Cairo (CNN) -- Tensions soared in Egypt as an entire nation awaited presidential election results that are now expected to be announced Sunday afternoon.
"We are still going thru the complaints of electoral violations and so far we haven't determined the date of when the results will be announced," said Farouq Sultan, head of the Supreme Presidential Elections Commission, in a banner flashed on Nile TV.
Authorities are reviewing about 400 electoral violation reports submitted by the two candidates, the Muslim Brotherhood's Mohamed Morsi and former air force officer Ahmed Shafik.
Official results will be announced Sunday at 3 p.m. (9 a.m. ET), said Tarek Shibl of the election commission.
Ahead of the highly anticipated results, Egypt's all-powerful military leaders warned of potential chaos but said they won't reverse their widely deplored constitutional and judicial changes. They also warned politicians to keep a lid on election-related unrest.
"We will face anyone who will pose a challenge to the public and private sectors with an iron fist," the Supreme Council of the Armed Forces (SCAF) said.
Egypt's constitutional court dissolved the lower house of parliament last week, extending the military's power and sparking accusations of a coup d'etat.
Crowds began amassing again Saturday at Tahrir Square, jam-packed Friday night with Egyptians grown weary, impatient and angry over the election process and the military's grip on power.
They began voting in a run-off election last Saturday. A week later, with no official results announced, Cairo was awash with rumor and speculation.
Both Morsi and opponent Shafik claimed victory by small margins.
The online news site Ahram published conflicting reports on a winner.
Shafik, the last prime minister under deposed leader Hosni Mubarak, will be named the country's new president Sunday, Ahram reported on its English version Friday, citing several unnamed government sources.
But the site's Arabic version quoted election commission officials saying that Morsi remained in the lead.
"If you monitor the coverage on television and on some of the private and state on newspapers it's doomsday," said journalist Rania Al Malky, editor-in-chief of the English-language Egypt Monocle. "It's going to be a doomsday scenario if Morsi loses this election."
Al Malky said Egypt's generals are trying to paint the Muslim Brotherhood, once banned in Egypt, as cultivating instability and the side that won't respect the outcome of a democratic election.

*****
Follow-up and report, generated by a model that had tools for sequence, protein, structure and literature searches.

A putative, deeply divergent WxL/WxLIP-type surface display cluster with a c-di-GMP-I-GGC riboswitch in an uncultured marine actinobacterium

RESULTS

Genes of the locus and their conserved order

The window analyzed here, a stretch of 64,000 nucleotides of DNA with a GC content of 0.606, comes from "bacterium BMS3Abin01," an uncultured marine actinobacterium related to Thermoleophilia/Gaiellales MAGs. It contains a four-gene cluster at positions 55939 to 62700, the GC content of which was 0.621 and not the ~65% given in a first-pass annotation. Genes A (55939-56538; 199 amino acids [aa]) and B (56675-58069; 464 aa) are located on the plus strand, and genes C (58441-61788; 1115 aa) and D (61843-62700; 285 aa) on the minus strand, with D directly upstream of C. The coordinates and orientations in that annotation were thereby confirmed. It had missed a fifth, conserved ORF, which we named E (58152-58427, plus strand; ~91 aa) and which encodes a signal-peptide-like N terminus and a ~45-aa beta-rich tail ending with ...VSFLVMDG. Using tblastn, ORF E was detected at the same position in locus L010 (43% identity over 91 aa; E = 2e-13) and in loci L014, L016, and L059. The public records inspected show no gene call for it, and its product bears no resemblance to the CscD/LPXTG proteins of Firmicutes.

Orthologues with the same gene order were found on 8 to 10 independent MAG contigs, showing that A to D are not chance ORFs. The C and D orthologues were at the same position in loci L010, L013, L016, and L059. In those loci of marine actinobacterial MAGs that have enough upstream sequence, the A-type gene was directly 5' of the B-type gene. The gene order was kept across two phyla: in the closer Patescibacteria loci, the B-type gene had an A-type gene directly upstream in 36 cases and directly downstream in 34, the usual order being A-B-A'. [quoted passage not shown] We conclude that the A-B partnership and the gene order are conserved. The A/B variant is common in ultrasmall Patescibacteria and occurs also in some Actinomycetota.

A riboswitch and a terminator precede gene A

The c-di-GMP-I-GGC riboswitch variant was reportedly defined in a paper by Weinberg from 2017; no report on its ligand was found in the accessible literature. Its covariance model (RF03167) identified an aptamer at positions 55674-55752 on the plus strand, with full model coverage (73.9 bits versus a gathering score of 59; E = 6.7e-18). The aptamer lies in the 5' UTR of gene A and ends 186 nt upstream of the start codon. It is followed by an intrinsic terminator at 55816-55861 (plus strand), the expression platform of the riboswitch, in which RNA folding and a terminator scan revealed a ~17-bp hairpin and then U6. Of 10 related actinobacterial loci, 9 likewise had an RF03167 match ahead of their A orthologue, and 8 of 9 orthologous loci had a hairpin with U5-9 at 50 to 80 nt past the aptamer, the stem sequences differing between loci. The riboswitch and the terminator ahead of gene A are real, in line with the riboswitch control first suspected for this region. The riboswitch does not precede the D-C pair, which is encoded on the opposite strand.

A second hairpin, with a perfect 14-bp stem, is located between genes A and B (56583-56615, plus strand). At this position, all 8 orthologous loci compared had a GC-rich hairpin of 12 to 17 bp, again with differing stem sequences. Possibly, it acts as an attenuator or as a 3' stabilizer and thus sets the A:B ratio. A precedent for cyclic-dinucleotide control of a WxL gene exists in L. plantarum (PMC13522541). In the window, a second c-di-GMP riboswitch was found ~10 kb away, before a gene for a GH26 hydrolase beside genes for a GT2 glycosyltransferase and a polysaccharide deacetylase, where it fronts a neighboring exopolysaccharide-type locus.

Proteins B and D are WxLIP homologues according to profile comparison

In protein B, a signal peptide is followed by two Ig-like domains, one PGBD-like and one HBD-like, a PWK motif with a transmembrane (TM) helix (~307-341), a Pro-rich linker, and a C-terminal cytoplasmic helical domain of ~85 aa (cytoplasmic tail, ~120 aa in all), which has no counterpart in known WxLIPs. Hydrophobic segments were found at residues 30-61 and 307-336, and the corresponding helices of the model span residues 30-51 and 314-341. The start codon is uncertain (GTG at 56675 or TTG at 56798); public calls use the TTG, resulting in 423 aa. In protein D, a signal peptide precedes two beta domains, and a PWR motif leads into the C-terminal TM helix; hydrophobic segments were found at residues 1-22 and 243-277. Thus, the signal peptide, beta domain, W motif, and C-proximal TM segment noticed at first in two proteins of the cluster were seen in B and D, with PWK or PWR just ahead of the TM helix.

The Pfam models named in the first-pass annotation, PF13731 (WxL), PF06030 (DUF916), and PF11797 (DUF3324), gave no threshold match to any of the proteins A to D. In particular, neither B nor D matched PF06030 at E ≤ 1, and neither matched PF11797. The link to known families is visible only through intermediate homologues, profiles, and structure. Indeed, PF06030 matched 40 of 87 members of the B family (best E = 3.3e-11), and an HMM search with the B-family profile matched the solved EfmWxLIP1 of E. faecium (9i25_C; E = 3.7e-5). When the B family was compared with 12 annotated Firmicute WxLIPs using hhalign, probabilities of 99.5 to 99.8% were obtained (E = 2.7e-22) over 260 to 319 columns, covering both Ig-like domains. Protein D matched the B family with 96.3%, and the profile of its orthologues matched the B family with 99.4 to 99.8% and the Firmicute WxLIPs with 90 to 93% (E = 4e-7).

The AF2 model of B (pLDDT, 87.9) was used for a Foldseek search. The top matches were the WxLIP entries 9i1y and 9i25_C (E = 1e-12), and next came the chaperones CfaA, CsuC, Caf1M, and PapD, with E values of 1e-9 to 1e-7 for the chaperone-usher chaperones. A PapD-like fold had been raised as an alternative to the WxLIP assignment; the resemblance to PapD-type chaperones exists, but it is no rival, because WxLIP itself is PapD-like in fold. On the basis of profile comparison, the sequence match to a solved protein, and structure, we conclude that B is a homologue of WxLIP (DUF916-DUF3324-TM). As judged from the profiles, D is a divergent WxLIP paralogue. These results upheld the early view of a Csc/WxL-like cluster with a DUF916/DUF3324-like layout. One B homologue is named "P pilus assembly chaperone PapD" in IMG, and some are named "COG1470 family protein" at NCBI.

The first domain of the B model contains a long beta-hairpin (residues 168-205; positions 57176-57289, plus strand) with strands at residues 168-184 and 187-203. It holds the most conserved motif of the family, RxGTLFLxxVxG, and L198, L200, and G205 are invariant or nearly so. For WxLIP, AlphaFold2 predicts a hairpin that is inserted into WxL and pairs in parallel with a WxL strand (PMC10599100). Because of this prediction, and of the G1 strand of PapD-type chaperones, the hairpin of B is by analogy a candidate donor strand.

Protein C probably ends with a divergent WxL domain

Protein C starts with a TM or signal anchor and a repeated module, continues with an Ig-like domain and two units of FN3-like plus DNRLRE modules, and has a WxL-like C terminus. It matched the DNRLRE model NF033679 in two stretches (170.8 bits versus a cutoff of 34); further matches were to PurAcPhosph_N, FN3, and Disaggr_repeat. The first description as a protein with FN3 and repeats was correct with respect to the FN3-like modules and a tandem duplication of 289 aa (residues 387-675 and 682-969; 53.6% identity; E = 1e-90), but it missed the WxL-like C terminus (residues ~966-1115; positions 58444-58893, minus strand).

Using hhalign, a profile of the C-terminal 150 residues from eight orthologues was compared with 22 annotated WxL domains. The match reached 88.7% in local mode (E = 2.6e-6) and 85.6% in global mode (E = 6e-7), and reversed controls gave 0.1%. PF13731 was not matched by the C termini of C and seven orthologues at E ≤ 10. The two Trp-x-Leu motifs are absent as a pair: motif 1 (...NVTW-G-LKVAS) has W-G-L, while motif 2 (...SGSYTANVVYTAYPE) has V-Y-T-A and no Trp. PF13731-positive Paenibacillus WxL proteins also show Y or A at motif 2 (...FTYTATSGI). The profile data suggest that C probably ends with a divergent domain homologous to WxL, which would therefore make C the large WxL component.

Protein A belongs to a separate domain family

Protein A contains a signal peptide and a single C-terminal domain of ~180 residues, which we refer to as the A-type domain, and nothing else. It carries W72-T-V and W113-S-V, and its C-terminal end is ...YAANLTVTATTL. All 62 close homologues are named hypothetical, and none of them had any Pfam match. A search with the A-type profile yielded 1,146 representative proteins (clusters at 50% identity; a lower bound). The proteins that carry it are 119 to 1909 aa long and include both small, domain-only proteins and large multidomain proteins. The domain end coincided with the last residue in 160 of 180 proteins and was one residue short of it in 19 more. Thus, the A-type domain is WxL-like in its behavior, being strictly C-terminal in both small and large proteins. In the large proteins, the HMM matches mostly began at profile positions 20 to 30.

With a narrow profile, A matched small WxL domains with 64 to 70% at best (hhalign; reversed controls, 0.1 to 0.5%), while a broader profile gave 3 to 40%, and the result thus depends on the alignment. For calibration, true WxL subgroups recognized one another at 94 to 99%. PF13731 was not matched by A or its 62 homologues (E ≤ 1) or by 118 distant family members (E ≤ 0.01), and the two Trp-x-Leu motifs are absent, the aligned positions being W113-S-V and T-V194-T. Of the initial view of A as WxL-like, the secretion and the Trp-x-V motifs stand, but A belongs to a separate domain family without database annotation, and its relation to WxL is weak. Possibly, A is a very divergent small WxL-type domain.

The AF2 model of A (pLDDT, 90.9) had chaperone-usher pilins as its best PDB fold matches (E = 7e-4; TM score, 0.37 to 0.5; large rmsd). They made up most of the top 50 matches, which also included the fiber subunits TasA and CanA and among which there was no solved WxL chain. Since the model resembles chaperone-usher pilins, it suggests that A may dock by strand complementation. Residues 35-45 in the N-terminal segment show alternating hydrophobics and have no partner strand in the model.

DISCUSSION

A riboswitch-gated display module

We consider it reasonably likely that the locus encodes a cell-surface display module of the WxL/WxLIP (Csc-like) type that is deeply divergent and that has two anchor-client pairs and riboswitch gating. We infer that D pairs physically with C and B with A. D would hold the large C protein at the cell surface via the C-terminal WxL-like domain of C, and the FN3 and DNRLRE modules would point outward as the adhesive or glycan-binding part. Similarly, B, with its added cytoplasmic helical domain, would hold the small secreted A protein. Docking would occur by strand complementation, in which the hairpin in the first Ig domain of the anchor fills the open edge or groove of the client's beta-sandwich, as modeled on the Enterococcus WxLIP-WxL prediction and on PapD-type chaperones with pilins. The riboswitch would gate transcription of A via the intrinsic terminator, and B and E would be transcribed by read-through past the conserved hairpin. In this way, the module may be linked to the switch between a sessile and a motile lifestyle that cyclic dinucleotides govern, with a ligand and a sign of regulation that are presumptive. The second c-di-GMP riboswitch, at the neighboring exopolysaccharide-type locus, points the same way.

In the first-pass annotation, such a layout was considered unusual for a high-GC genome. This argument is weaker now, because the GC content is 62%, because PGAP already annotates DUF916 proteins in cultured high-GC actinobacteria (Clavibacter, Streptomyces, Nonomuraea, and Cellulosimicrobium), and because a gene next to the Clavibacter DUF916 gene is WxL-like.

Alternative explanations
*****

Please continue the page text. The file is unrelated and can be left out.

But the Brotherhood is not staying quiet, Al Malky said, and the influential Islamic party has a lot of friends in the people who fomented Egypt's revolution last year and are willing to stand with the Islamists in an unite front against the army.
Adding to the electoral tension is the question of how much power the new president will actually wield now that the military council has full legislative authority.
Under an interim constitutional declaration, the military council retains the power to make laws and budget decisions until a new constitution is written and a new parliament elected.
The declaration said Supreme Council members "shall decide all matters related to military affairs, including the appointment of its leaders." The president has the power to declare war, it says, but only "after the approval" of the Supreme Council.
In its statement, read on state TV by a military official, the Supreme Council said the judiciary is a pillar of Egyptian society.
"All decrees issued by the judiciary system must be respected and implemented because they represent the people. It will be considered a crime if anyone objects to the ruling or attempts to block its implementation," the military said.
It said the constitutional declaration was a "necessity that the current situation posed in administrating the affairs of the nation during the critical current phase of our nation's history. Whatever is issued from SCAF is based on the high interests of the nation, nothing else."
The military council said it does not favor one political entity over another and respects the rights of Egyptians to protest but stressed the importance of self-restraint and respect for authority.
It said announcements of unofficial presidential results are "inexcusable" and sow political divisions.
The Supreme Council urged political entities to respect democracy and "abstain from all possible acts that may descend the country into a full chaos."
Egyptian reform leader Mohamed ElBaradei -- the former head of the United Nations nuclear watchdog agency and a Nobel Peace Prize laureate -- said he's been in close contact with the military council and the intelligence services on the one hand and Morsi on the other and has urged them to avoid a showdown.
He said that if Shafik, seen as a candidate of the pro-Mubarak old guard, is declared the winner, "we are in for a lot of instability and violence ... a major uprising." He isn't as worried about a Morsi victory because Shafik supporters are unlikely to take their anger to the streets, he said.
He described the current situation as "a total, complete 100% mess."